Microtubule Complexes Involved in Intracellular Transport

-
Investigator: Ronald D. Vale, PhD
Sponsor: NIH National Institute of General Medical Sciences

Location(s): United States

Description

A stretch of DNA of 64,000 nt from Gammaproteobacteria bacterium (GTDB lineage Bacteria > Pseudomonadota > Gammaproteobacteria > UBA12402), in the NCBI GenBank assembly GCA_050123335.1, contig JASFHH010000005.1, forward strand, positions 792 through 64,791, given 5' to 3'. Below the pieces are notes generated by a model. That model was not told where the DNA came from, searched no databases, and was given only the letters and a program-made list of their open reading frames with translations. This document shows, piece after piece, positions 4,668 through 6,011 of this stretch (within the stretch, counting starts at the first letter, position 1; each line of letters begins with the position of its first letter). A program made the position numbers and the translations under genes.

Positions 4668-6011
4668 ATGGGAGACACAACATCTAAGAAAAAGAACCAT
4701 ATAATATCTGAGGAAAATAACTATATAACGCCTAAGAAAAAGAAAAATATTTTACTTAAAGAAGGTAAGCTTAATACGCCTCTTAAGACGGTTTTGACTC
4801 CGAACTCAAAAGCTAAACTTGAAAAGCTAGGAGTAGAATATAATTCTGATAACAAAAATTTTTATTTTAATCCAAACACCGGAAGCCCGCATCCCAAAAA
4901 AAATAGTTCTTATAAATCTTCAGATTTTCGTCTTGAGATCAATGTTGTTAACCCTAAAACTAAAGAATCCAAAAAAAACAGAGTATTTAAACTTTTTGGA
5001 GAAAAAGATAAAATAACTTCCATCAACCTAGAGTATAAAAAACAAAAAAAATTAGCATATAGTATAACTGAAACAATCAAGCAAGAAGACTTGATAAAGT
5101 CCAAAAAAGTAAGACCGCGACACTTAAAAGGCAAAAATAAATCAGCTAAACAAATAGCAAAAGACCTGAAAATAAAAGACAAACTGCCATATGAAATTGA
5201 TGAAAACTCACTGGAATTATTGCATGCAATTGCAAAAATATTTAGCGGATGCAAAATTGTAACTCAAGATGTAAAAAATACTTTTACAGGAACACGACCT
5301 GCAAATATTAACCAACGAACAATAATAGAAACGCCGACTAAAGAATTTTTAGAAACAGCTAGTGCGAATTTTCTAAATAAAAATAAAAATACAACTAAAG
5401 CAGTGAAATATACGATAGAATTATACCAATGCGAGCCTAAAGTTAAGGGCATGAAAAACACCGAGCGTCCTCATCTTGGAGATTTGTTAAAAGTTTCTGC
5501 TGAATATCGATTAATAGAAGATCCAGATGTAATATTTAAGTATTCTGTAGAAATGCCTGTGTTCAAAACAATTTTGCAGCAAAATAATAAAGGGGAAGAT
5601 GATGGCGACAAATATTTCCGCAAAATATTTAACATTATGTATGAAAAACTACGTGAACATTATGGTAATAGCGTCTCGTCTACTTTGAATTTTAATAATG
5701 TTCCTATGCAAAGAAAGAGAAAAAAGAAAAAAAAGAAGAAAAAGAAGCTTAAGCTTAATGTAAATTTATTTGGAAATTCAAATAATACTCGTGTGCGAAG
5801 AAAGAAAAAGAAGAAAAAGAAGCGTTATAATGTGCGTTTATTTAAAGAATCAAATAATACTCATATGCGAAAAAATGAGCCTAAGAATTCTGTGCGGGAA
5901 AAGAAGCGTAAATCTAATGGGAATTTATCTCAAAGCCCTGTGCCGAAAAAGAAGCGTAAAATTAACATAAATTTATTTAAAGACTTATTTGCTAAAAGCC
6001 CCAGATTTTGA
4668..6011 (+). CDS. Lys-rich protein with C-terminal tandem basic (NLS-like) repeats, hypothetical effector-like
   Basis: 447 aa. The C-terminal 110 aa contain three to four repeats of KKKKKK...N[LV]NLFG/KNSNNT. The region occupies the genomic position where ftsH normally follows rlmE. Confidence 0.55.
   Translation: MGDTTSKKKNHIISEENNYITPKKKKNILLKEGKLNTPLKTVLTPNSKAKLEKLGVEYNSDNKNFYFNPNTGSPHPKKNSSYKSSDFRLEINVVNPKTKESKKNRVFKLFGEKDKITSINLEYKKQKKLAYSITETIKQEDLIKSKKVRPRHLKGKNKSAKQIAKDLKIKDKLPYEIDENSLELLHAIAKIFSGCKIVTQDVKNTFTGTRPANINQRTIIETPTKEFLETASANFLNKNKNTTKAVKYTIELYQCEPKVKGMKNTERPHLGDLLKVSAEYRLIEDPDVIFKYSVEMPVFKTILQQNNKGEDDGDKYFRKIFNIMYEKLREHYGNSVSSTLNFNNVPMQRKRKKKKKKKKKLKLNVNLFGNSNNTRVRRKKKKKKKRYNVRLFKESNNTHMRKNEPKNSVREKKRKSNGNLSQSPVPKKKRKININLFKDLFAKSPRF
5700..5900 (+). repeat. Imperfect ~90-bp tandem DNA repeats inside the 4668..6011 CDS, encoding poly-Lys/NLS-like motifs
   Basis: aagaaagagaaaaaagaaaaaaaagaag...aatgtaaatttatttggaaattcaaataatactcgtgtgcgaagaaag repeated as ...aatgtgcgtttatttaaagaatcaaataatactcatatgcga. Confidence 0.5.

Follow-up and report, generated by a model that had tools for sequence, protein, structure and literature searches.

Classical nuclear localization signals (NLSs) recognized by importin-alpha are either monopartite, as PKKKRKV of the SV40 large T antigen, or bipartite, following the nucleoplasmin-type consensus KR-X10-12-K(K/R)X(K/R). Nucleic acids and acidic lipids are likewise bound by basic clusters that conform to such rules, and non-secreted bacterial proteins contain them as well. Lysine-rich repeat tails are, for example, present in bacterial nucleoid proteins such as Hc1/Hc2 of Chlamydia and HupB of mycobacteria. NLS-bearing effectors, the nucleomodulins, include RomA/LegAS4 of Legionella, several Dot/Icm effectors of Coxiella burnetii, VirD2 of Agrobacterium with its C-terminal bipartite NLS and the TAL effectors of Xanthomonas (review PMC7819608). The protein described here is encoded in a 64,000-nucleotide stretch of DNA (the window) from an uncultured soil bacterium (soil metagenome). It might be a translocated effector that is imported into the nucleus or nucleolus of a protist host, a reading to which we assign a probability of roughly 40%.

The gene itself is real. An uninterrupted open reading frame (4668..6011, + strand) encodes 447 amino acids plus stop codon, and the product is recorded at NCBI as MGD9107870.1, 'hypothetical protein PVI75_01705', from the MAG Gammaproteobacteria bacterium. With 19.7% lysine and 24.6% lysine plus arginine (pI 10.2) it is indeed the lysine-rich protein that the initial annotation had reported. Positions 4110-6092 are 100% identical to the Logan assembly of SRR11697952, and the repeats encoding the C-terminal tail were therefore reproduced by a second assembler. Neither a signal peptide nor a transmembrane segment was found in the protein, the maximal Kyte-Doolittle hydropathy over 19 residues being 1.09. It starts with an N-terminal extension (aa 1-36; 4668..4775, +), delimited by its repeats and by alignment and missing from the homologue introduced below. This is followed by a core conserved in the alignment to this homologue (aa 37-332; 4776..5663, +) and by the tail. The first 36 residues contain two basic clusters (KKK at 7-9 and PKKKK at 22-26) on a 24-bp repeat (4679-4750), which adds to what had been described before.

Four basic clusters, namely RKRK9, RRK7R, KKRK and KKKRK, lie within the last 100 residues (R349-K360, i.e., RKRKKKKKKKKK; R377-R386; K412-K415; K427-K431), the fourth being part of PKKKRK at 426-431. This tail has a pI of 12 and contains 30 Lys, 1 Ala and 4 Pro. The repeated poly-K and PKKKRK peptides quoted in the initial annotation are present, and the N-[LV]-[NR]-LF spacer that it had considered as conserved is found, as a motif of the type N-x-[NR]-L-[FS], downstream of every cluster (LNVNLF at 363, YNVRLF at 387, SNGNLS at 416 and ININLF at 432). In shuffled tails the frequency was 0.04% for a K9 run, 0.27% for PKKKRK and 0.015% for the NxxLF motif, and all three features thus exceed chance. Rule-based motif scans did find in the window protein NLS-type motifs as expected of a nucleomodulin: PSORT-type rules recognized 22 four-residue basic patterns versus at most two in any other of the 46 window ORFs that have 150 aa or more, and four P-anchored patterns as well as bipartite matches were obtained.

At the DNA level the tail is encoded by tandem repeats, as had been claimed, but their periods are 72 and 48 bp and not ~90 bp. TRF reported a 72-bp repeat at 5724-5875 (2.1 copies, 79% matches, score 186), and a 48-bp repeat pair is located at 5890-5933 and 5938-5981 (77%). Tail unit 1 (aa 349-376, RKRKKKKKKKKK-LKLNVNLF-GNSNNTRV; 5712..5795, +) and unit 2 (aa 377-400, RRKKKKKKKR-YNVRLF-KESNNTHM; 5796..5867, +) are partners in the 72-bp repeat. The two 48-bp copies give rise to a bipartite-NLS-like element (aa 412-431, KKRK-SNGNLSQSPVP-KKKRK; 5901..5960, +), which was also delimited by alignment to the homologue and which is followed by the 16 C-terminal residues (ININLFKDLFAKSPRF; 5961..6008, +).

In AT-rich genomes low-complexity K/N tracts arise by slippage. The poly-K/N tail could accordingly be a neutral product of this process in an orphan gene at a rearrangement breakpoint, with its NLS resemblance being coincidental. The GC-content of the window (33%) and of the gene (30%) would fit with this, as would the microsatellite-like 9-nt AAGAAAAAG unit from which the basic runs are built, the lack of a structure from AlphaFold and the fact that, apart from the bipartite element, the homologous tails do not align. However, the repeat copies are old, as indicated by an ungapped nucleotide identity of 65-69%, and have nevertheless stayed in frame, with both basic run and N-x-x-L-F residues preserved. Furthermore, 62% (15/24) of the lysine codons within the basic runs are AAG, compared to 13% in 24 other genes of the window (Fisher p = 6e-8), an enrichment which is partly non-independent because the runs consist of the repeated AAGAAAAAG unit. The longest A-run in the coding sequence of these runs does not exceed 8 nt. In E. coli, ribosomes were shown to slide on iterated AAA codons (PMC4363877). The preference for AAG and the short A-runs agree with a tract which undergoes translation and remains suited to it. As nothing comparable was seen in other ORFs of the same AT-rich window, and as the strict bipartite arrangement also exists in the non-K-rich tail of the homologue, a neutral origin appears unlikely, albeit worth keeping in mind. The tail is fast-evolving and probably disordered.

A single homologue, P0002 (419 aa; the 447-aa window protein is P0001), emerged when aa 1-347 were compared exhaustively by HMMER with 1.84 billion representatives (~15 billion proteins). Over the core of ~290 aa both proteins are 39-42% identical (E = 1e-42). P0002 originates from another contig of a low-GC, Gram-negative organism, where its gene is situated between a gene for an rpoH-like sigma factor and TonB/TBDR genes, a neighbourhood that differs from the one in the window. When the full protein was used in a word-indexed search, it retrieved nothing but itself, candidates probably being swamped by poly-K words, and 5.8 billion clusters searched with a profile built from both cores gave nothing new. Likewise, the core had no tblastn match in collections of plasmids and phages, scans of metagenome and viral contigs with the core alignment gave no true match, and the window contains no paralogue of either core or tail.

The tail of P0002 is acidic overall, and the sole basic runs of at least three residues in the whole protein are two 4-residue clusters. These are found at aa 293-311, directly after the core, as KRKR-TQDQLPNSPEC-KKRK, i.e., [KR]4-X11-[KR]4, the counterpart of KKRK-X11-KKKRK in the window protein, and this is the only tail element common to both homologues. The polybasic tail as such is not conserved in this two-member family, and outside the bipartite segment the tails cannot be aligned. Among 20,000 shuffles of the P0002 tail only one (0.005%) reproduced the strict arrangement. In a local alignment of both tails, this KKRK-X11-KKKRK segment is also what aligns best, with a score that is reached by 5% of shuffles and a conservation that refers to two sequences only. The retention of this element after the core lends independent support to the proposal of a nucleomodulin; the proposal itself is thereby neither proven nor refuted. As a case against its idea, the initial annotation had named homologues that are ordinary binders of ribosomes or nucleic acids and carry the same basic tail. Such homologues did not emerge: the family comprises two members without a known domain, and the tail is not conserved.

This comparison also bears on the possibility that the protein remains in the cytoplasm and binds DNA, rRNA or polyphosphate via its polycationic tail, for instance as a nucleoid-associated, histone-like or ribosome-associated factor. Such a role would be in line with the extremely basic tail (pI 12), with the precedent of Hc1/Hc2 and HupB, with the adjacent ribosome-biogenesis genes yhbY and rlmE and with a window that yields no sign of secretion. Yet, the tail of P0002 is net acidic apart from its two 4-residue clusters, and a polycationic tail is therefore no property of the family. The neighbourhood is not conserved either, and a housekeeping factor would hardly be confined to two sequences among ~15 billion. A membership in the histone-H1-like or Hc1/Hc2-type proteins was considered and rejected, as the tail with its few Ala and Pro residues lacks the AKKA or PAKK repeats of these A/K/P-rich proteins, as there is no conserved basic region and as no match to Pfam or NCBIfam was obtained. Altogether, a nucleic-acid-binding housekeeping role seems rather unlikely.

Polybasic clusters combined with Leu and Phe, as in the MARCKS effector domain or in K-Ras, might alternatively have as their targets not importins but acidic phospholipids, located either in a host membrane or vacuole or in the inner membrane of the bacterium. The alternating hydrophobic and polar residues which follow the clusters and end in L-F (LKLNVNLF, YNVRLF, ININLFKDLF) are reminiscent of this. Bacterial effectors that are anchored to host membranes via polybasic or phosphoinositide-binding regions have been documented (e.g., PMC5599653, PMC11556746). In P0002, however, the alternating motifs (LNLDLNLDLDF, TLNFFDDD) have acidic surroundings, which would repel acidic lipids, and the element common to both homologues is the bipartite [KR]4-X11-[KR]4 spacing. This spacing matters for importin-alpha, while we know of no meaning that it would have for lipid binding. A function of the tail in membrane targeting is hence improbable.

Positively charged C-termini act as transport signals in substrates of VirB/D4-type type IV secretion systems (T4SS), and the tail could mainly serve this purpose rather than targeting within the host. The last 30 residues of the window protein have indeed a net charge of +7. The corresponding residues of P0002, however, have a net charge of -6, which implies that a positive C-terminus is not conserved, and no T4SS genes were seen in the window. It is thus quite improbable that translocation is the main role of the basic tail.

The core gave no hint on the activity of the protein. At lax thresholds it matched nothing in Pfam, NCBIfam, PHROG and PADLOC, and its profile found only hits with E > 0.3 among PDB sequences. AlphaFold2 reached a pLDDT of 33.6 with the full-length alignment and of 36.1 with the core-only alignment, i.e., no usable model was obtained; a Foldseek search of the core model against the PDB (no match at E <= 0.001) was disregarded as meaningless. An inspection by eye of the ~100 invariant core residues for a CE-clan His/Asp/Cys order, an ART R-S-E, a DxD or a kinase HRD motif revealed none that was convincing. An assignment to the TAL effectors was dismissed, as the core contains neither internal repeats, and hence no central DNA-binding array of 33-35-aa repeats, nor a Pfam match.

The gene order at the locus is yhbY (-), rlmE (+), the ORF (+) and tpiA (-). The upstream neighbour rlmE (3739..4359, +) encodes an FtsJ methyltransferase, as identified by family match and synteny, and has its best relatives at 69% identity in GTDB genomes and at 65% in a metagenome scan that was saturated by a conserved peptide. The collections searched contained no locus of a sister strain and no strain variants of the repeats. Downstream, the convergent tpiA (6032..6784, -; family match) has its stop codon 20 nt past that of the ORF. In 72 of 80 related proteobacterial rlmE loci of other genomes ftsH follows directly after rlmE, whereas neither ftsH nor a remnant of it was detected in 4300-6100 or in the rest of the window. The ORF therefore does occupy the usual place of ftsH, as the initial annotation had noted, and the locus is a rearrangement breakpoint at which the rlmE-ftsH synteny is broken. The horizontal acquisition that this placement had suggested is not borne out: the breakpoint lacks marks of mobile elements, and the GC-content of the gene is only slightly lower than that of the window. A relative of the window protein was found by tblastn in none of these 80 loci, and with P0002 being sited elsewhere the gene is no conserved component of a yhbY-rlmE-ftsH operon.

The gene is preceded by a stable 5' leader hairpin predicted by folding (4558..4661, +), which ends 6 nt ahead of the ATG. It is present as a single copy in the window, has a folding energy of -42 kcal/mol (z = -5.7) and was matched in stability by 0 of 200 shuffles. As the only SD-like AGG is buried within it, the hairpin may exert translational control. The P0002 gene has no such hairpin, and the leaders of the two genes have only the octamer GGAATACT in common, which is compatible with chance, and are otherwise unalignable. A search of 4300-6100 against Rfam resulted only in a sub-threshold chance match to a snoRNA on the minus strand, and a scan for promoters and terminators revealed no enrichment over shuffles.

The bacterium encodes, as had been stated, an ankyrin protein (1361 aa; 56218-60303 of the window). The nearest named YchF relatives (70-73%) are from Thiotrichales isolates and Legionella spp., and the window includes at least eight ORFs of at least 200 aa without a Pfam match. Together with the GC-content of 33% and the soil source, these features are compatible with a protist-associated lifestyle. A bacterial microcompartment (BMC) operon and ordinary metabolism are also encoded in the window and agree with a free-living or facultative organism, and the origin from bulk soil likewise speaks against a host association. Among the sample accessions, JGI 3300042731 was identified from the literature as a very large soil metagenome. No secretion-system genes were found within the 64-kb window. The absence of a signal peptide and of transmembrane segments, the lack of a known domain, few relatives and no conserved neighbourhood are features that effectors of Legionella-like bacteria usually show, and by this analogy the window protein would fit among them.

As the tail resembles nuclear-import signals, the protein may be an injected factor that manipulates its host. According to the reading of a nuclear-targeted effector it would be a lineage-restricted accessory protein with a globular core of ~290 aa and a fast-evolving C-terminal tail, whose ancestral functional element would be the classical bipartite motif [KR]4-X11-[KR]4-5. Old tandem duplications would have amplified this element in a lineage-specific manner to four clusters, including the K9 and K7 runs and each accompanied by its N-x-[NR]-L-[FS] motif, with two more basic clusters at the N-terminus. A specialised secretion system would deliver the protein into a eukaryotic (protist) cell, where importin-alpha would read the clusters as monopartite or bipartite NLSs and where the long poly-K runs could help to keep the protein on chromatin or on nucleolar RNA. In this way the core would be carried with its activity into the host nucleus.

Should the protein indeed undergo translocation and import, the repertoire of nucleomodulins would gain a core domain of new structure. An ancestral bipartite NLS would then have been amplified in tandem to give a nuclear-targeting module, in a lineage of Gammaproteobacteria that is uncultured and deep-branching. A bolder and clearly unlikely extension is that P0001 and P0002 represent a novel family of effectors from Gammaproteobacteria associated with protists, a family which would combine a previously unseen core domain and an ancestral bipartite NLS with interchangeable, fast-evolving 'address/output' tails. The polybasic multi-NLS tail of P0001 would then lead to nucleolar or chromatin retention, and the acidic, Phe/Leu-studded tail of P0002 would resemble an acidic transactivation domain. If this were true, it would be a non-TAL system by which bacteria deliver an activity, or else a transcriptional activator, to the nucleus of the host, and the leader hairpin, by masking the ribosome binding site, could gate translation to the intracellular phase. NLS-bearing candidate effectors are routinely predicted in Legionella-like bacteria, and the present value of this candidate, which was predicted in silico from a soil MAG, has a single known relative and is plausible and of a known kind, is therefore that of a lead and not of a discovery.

The microtubule cytoskeleton plays an essential role in cell shape, migration, and division. One of the major functions of the microtubule cytoskeleton is to facilitate transport of organelle and macromolecules to particular destinations in the cell. Transport can be mediated by two strategies. First, ATP hydrolyzing motor proteins can carry cargoes along the surface of the microtubule. Second, certain proteins (+TIP proteins) can selectively track along the growing tip of a microtubule as it extends to the cell cortex and can bind to and deliver certain cargoes (e.g. signaling molecules). Our goals are to understand motor-protein cargo recognition, regulation of motor proteins, and the mechanism by which +TIP interact with microtubule growing ends. In general, we wish to dissect the mechanisms of these proteins using a variety of techniques including x-ray crystallography, electron microscopy, biochemical approaches, in vitro reconstitution assays, and cell biological approaches in living cells. In this grant, we propose the following aims. 1) We wish to determine how a particular subset of mRNAs are selected for transport by motor proteins in yeast. In particular, we wish to solve an atomic structure for a minimal element of such mRNAs complexed with the proteins that are involved in the transport pathway. 2) We have solved crystal structures of several +TIP domains and developed a model suggesting that these proteins function as "polymerization chaperones" that deliver oligomeric tubulin to the growing end of the microtubules. We propose to better define how these proteins interact with tubulin and develop functional assays to garner support for this model. 3) We will study activators of the dynein motor protein, in particular testing the notion that they affect dynein motor activity. We have also identified a new protein that may regulate dynein at kinetochores, and we will pursue further studies of this protein. 4) We will investigate new ATPases that we believe may modulate the dynamics of microtubules. This work has several potential medical applications. First, the +TIP proteins are essential for microtubule function in mitosis and in cell migration, and their selective inhibition may be useful in cancer chemotherapy (by inhibiting the spindle) or in inflammatory disease (by blocking cell migration). Our work on dynein regulators is likely to be important for understanding the spindle checkpoint, a topic of great interest in cancer since modulation of the checkpoint may enhance cancer cell death after chemotherapy.